close
Advertisement
Can't connect right now! retry

add The News to homescreen

tap to bring up your browser menu and select 'Add to homescreen' to pin the The News web app

Got it!

add The News to homescreen

tap to bring up your browser menu and select 'Add to homescreen' to pin the The News web app

Got it!
February 23, 2021

Long-term sustainability being compromised for short-term popularity gains

Islamabad

February 23, 2021

Islamabad:Contrary to the perception that only Pakistan’s power operators are caught off-guard each time by the vagaries of weather – whether torrential rain or heat-waves or snow right now millions of Texans are experiencing possibly the worst blackout in over two decades during a statewide snowstorm which has frozen oil fields, power plants and other infrastructure while forcing the state’s power grid to the brink of collapse. Bitterly cold residents, plunged into darkness for over 48 hours are forced towards wood-fires and car heaters. Both have already resulted in casualties due to home fires and carbon monoxide poisoning.

According to available facts, the record-breaking cold weather spurred residents to crank up electric heaters and pushed the need for electricity beyond the worst-case scenarios planned for by grid operators amidst power plants being knocked offline. Electricity officials dueled with multiple challenges: the physical damage to infrastructure as trees snapped and power lines fell, resource constraints to undertake repairs, unaccounted for surge in demand and fuel shortages as natural gas demand spiked.

According to energy experts, single-minded focus on cheap energy to the exclusion of system reliability is the key issue and The adage ‘cheaper is not always better’ could not be more applicable to the power sector.

Experts believe that while climate change threatens to intensify heat waves, droughts, monsoons, floods, water shortages and other calamities which stress electricity systems, Pakistani power policies our continuing to emphasise cost reduction over system upgradation and electricity networks are being designed based on historic data to handle predictable weather patterns.

Anything out of the ordinary invites a systematic failure, like the outages during Karachi’s monsoon rains in 2020, the half-country blackout in 2018 when windstorms knocked out national grid towers and power lines, the recent nationwide blackout on account of missing protection equipment at the Guddu power plant.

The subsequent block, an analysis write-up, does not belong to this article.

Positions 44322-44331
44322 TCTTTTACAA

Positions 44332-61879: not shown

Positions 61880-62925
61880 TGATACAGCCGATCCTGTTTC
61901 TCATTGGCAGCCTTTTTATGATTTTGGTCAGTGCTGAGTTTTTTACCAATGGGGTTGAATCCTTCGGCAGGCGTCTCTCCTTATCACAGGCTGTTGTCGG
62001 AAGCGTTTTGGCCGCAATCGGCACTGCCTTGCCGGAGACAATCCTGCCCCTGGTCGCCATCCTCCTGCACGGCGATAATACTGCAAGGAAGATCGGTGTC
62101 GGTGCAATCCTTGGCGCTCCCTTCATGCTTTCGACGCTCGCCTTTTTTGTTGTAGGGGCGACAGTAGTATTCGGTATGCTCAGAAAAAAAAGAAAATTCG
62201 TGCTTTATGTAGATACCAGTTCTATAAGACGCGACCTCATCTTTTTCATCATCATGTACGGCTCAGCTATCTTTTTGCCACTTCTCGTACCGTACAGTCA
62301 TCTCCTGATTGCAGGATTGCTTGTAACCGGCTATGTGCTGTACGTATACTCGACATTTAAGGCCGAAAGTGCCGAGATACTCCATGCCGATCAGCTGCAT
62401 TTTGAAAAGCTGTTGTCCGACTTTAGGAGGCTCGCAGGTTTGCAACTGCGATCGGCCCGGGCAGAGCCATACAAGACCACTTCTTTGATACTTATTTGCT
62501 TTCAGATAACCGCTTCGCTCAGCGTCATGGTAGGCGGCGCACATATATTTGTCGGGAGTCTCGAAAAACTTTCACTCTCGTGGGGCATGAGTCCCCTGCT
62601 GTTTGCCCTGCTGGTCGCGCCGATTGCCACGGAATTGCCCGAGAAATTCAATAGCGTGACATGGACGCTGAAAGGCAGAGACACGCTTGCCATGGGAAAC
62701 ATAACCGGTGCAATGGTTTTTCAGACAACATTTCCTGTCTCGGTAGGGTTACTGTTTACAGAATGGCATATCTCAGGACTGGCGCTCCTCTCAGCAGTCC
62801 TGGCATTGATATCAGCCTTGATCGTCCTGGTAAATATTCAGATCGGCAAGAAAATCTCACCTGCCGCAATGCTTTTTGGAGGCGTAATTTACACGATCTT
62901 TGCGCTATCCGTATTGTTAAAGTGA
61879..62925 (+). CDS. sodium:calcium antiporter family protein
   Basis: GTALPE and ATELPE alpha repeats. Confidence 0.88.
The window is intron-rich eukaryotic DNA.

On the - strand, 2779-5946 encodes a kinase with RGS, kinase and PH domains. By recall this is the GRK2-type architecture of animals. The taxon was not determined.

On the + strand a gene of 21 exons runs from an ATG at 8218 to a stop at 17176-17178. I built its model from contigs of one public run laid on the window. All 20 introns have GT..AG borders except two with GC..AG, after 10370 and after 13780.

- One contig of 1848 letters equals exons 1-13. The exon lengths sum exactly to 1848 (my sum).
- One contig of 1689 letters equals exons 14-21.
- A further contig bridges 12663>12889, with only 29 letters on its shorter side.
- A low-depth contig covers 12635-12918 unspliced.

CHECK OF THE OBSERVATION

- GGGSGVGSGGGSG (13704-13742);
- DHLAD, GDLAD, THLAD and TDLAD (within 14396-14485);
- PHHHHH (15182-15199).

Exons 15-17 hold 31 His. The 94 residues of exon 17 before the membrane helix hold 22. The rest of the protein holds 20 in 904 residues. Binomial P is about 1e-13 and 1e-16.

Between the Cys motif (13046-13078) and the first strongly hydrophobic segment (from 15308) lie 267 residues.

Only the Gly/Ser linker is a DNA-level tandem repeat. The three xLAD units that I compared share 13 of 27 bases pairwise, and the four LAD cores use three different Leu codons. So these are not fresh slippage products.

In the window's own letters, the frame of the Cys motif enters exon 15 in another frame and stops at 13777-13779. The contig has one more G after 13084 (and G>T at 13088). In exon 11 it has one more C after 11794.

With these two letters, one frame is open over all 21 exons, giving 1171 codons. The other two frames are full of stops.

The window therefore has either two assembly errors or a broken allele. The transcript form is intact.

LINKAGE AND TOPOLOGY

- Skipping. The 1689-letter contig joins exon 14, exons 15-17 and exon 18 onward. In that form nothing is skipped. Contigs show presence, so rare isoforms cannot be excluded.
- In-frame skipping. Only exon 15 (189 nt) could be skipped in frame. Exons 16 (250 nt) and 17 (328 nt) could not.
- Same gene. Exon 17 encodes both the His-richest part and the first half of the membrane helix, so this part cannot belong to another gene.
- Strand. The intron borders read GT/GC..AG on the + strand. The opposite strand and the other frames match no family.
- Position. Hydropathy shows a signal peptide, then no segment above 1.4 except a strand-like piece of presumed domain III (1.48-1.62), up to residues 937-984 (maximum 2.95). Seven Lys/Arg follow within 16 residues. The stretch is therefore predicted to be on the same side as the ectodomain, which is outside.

As per the industry experts, the current government’s constant refrain for cheaper power, amplified by NEPRA Chairman Tauseef Farooqi and Special Assistant to the Prime Minister of Pakistan (SAPM) Tabish Gauhar is leading the power sector towards systematic unpreparedness as a planned outcome. Because long-term network resilience and sustainability is being compromised for short-term popularity gains.

Experts further added that these won’t be the last massive power outages unless there are extensive regulatory changes and expensive fixes. At the end of the day, it is the private sector generators that feed power into the national grid and in K-Electric’s case also transmit and distribute it. If the private sector does not stand to make some money on the capital that they employ and the risk they acquire, then they will forego investments in technological upgrades, system redundancies, protection mechanisms, regular maintenance and standby fuel supplies as these are added cost. Without acceptance of these system reliability costs by NEPRA and policy-makers, the private sector will refuse to undertake the necessary reinvestment and the electrical grid is being set up to fail from systemic decay.

Experts in energy industry urged that power sector decision-makers should stop promoting the pipe dream of cheaper power without clearly stating how this is shifting the cost and vulnerability of being caught unprepared in a disaster to the Pakistani consumers. At the same time, there should be oversight of how the energy sector is designed to limit vulnerabilities and whether envisioned policies like the Competitive Trading Bilateral Contracts Market (CTBCM) benefit vested interests while compromising power sector resilience, access and affordability of power for the most vulnerable.